Peter Kahn, a professor at the University of Washington in Seattle, was one of the first people to research this in the nineties and his words carry the film. Since his early work, more studies have proved this misperception of wildlife to occur.1 Taken with the digital overhaul of our lives, it’s like we’re cutting down the forest we live in, while putting a blindfold on, and we’ve got amnesia to boot! No wonder we’re not more upset by our actions.

There’s an anecdote I’ve told many friends, which my grandfather actually told me in the car on a drive back from screening my first documentary in a little cinema in Oxford in 2010. Although that film was about climate change, it got him thinking about how the world was changing. His voice strained with urgency as he exclaimed how much less wildlife he saw these days, and in particular, the complete absence of insects on car windscreens. When he was young, he told me, you would turn on the windscreen wipers to clear the number of bugs on the glass. The story stuck with me as a clear and dramatic change in a generation: I’d never seen that many bugs growing up.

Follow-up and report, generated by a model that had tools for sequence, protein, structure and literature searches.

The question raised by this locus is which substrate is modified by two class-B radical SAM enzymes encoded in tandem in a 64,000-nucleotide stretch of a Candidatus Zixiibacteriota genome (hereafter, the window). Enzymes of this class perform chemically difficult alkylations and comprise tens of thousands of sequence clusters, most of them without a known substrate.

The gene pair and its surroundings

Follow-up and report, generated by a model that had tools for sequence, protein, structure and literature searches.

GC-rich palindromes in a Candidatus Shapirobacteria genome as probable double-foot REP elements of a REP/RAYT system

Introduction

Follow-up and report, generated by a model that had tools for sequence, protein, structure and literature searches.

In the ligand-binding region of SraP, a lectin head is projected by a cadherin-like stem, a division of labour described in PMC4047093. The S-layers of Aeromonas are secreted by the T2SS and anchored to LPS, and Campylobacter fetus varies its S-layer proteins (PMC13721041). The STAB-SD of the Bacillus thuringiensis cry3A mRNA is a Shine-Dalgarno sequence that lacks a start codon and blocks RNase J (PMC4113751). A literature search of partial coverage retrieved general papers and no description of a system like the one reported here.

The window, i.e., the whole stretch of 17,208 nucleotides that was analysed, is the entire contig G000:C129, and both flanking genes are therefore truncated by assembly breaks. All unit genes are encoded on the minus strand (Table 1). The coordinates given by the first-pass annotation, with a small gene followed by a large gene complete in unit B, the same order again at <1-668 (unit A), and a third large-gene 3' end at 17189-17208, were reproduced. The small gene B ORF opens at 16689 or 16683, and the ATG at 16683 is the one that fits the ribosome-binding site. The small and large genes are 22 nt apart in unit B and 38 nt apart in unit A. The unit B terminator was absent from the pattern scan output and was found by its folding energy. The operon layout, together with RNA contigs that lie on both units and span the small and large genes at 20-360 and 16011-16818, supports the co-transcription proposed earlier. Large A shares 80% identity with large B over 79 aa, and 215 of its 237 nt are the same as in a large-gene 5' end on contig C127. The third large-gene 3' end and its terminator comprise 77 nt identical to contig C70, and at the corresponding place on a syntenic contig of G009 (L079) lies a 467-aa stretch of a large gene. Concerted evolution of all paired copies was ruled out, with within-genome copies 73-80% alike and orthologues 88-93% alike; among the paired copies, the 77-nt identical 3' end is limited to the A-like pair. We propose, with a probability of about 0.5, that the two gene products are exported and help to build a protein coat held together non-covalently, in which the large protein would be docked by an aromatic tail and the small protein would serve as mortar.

In the past few years, it surprised me to see a flurry of news articles and studies echoing my grandad’s story: 80% declines in insects reported in 20 years, an ‘insect apocalypse’, ‘plummeting numbers’, ‘threatening a collapse’.